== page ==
In my ongoing research on dog rescue groups, I have discovered an alarming change that some groups are making in their adoption contracts. A new article is being added to the contract that effectively gives the rescue group the “right” to Get back the dog you adopted to anytime in the future.
A rescue group from a puppy mill near my home added the following item to their adoption contract during the summer of 2011:
I agree that a representative of (name of rescue group) may periodically wish to see the dog, my residence and the living conditions that I provide for the dog, and further agree to hand over the dog to a representative of (name of rescue group ) if for any reason you consider the conditions that I provide for the dog inappropriate.
This clause is ridiculous for several reasons:
(1) The rescue team insisted on a home visit to inspect his residence. prior to you were approved for adoption. You know what the living conditions are.
(2) Another article says that you must agree to “assume all risk of ownership.” You must take the risk, but they can eliminate you dog at any time. Apparently “property” doesn’t mean what we think?
(3) An additional item says that you are responsible for all expenses incurred after the adoption. You have to pay for everything related to the dog you adopt, but they can still take you dog anytime in the future. Of course, they don’t reimburse you for those expenses or the adoption fee you paid. (FYI. You don’t actually pay an adoption fee. You make a DONATION. This is why they don’t have to reimburse you.)
(4) Another item says that you cannot gift the dog. For example, this would mean that if your life changes, you may not give the dog to your older child. You are not free to make decisions about the future ownership of the dog you adopt.
(5) Another item says that if the dog is lost or dies, you must notify the rescue team. I have no idea why.
(6) If they feel the need to sue you to enforce the contract, you must pay all legal costs, including theirs. This means that if you try to keep “your” dog, they can sue you and you will be forced to pay their legal fees and yours.
(7) We are not so restrictive about adopting children.
So while you agree to take all risks, pay all necessary costs, and have no say in the future ownership of the dog you adopt, you are not really an OWNER of the dog. If they can come to your house at any time to claim the dog you thought you adopted, you are obviously not the owner. You leased it.
My reaction to seeing this article for the first time was “Why would anyone agree to sign this contract?” Of course, there are several reasons why people sign these contracts.
Tea first reason This is the same reason people often get in trouble with contracts: they don’t actually read it. However, if they read the contract, they really don’t understand the ramifications. The ransom can simply represent the contract as a standard adoption contract what many people believe means they don’t need to read it. This is NEVER true. Always READ the contract thoroughly and make sure you understand and can live with each item.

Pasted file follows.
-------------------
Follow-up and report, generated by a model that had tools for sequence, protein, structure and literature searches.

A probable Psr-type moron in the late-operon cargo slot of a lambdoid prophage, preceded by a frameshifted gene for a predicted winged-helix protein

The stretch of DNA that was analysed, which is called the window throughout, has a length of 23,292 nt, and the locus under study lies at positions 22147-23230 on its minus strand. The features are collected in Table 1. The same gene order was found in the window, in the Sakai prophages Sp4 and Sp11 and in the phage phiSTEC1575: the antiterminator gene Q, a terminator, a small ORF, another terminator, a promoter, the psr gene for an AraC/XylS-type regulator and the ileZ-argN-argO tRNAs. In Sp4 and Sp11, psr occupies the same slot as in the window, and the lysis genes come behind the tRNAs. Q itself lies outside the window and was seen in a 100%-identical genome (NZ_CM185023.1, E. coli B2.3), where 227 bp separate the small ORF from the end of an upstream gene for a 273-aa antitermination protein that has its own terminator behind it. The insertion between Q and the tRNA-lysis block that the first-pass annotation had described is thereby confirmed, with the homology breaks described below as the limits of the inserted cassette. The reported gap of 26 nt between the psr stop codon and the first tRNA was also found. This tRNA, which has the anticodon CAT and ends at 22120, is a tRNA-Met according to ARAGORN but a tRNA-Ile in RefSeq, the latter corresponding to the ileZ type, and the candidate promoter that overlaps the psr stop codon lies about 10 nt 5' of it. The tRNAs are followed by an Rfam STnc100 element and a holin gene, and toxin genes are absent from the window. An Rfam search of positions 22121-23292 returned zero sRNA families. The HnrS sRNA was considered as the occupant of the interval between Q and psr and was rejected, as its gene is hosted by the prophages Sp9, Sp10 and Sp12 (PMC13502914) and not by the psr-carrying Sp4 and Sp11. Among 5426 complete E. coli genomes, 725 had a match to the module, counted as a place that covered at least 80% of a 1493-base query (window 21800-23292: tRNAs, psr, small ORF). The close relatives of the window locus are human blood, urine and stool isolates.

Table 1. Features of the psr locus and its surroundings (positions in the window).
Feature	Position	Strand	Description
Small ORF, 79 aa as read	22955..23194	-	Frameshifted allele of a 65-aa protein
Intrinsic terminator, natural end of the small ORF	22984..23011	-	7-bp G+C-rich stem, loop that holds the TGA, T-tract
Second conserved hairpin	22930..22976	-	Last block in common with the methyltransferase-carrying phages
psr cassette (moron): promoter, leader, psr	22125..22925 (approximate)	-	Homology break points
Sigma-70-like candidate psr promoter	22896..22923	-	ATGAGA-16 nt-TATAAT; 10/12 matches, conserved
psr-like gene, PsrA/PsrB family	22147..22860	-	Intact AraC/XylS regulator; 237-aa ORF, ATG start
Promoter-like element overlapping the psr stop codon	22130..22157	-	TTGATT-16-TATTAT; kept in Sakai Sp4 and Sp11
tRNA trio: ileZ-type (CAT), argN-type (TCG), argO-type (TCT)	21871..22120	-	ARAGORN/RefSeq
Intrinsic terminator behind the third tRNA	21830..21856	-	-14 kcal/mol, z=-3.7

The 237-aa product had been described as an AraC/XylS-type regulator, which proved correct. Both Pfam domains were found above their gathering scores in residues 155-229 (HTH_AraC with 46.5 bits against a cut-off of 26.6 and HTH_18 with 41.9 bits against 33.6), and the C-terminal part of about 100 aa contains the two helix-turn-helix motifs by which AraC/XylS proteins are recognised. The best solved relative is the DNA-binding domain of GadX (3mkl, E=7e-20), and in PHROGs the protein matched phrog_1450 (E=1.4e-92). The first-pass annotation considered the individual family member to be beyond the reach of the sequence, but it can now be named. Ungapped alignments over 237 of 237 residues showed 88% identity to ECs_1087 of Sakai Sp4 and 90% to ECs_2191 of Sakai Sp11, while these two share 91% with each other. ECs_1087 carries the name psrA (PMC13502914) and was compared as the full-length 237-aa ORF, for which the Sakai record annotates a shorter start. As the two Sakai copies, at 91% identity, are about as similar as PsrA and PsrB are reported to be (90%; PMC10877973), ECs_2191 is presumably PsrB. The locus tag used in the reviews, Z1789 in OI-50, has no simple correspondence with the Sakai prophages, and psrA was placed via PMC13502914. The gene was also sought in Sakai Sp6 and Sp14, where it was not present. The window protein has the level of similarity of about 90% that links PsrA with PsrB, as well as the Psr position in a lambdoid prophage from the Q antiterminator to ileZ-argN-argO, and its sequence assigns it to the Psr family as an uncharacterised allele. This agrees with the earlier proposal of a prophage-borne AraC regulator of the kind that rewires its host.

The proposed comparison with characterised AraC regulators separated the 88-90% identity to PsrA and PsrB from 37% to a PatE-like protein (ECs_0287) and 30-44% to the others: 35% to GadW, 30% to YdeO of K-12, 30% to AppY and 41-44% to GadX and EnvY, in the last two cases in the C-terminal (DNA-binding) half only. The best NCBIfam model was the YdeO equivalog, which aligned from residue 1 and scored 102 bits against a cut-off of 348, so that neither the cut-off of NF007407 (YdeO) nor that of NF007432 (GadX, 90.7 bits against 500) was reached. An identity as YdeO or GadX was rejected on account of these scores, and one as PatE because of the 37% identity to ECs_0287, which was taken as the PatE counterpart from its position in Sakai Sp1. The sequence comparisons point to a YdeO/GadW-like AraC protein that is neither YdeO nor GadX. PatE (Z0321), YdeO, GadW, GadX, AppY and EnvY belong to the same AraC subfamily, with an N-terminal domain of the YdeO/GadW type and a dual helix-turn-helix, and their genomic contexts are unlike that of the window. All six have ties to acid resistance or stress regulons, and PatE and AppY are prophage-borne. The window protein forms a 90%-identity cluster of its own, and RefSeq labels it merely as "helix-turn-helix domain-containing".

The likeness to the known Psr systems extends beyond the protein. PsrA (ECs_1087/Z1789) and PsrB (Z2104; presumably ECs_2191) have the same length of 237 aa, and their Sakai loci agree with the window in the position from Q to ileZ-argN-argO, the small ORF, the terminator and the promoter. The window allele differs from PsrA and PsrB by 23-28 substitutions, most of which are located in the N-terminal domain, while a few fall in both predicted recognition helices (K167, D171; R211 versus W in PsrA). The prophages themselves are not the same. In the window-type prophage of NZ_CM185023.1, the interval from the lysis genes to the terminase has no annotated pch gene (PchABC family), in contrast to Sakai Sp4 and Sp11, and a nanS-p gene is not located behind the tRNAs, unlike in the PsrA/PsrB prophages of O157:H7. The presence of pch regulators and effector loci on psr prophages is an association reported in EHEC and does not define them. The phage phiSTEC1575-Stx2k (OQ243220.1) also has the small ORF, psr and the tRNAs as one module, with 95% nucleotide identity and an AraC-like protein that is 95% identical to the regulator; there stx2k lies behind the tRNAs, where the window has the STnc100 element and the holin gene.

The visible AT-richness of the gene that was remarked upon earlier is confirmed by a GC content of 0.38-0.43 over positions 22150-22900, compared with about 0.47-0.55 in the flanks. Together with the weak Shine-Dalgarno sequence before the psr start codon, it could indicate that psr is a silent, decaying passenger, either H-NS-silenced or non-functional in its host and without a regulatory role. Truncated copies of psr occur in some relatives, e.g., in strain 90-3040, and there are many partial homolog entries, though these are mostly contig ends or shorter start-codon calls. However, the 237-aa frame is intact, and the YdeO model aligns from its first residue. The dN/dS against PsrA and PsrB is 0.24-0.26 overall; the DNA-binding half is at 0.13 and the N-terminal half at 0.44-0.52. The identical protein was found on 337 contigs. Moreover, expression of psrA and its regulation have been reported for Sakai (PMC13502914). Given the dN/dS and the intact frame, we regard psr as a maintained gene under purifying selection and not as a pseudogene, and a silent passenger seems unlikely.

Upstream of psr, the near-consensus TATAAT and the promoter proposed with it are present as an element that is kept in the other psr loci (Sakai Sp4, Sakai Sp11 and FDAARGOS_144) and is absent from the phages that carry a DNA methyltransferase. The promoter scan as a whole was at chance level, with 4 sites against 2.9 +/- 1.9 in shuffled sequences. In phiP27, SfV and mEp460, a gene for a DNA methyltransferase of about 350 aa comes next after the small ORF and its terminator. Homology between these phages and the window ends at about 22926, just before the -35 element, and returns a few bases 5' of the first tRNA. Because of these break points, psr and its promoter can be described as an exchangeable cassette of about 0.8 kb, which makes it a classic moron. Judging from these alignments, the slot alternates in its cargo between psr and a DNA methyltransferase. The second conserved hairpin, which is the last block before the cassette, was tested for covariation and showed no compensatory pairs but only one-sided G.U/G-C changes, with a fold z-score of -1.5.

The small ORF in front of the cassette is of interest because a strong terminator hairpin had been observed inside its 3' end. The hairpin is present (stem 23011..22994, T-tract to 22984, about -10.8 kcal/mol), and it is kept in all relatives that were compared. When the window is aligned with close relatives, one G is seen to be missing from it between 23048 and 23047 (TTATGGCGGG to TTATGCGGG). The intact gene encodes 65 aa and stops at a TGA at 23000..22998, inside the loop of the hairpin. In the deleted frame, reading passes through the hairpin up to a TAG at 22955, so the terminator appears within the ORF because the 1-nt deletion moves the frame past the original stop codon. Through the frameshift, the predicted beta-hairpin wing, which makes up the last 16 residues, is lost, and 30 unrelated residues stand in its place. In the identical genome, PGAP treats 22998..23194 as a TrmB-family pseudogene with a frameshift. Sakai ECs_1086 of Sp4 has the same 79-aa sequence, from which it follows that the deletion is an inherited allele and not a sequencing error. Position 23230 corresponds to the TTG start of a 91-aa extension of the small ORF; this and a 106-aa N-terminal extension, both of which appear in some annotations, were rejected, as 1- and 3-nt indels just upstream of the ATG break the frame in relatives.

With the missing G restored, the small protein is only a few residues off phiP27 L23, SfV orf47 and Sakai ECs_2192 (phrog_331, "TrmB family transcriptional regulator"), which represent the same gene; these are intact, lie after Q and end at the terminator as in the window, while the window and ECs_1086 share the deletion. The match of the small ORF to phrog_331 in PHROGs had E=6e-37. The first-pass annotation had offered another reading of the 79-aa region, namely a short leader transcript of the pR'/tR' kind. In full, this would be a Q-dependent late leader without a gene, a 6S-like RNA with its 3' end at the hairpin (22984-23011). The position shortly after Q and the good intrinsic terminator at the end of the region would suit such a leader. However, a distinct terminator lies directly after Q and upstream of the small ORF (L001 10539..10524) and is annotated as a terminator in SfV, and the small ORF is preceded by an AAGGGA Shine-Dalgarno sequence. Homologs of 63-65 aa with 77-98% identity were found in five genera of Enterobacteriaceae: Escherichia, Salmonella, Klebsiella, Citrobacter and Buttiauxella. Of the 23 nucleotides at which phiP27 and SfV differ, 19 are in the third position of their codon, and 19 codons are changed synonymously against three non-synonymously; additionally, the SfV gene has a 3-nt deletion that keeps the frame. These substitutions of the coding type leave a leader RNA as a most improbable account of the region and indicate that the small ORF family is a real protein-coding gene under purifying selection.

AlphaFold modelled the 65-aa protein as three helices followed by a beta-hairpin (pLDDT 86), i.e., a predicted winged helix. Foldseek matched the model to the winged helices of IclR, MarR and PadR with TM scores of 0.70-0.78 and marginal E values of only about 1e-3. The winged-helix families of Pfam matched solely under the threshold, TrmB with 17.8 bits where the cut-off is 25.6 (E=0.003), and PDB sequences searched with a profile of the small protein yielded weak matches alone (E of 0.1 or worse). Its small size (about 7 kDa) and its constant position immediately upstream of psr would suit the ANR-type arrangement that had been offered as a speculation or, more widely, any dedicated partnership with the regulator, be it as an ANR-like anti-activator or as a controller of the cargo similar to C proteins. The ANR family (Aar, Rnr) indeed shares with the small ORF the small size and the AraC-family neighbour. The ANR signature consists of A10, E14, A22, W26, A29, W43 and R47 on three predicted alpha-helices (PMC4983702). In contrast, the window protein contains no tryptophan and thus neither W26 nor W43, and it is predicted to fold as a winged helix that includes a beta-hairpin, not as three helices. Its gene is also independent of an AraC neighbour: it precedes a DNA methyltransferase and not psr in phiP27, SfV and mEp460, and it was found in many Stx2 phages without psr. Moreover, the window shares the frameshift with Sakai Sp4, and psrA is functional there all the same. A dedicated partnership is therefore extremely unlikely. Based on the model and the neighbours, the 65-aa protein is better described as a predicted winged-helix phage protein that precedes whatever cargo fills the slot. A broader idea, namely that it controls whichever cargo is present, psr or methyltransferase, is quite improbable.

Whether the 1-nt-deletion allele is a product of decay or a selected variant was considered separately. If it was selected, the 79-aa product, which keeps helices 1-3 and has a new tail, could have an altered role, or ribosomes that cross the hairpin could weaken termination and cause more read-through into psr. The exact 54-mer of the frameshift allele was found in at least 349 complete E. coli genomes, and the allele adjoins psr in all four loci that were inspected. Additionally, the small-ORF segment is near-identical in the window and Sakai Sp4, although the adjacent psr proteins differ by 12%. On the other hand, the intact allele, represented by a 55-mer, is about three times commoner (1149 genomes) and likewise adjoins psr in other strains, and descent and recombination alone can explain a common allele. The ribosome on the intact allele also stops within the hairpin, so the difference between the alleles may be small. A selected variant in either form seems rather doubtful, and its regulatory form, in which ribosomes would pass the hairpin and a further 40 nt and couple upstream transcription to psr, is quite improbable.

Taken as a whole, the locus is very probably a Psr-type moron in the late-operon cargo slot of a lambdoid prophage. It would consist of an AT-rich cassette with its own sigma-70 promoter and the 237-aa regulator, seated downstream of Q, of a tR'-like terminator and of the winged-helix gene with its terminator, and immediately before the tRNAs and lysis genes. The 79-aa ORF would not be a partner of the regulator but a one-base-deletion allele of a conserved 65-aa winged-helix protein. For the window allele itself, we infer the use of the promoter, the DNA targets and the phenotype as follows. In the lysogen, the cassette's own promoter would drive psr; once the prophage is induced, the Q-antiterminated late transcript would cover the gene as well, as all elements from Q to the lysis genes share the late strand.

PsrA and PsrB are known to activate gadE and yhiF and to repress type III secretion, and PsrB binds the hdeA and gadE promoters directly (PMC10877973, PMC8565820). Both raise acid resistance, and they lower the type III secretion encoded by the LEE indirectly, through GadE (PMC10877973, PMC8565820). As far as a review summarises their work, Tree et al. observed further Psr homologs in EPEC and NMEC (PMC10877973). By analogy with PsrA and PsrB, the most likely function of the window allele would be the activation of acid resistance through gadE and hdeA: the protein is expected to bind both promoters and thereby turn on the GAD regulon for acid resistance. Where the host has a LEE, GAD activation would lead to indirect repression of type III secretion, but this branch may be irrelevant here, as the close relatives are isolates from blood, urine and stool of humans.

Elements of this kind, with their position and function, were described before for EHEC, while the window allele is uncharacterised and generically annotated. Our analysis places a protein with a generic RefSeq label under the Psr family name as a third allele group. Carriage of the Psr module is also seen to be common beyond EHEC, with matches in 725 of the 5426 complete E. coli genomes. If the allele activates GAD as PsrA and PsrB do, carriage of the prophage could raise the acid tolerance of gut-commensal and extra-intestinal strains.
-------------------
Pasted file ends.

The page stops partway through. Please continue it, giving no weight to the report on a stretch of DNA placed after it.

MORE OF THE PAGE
TO second reason for signing these contracts is not to believe that the rescue group would really come to take you dog. I recently read about a situation related to the rescue of the couple from this group. The living arrangements of a woman changed. She moved into an apartment. Someone reported this to the rescue. The group felt that an apartment was bad for the dog they had adopted, so they complained its dog. HAPPENS! Note that once they have recovered a dog, the rescue is free to adopt it again (sell it). Be careful and don’t assume anything!
TO third reason is that people do not anticipate a situation in which the rescue team feels the need to retrieve the dog. This attitude is very shortsighted. Divorcing, moving, having a baby, having older children with babies or returning home, losing your job, or developing a prolonged illness are just a few of the situations that may cause the rescue to reconsider your adoption.
TO fourth reason For people to sign these contracts is to avoid disappointing the family. If you don’t read the contract before looking at any animal, you may find yourself in the situation of having children who have fallen in love with a dog, are excited to bring the dog home, and have even given it a name. Not signing the contract means turning to your family and saying “it doesn’t matter.”
Some people sign these contracts because they believe the contracts are not legally defensible. The truth of this point of view varies by region; but I doubt anyone would want to pay double legal fees to find out. Some people have an “on my dead body” attitude when someone takes their dog away, but again, this may not be worth trying.
What everyone should understand is that virtually all rescue groups have their application to adopt and the adoption contract available to read online. ALWAYS read these before looking at any animals. If you are attending an adoption event, go to the information table and ask to read these articles BEFORE you look at the animals. If you find this or a similar “lease” clause, proceed with a different redemption. NEVER ASSUME that the rescue will not claim “your” dog or seek legal means to do so.
If you find this clause AFTER you have found your perfect pet, it is worth trying to get the ransom compromised by adding a time limit to this clause. I believe that most human adoptions are final after one year. All dog adoptions should be FINAL at some point. You should never be afraid that your beloved canine family member will be recovered. All members of your human family will adapt to any change. Your dog too!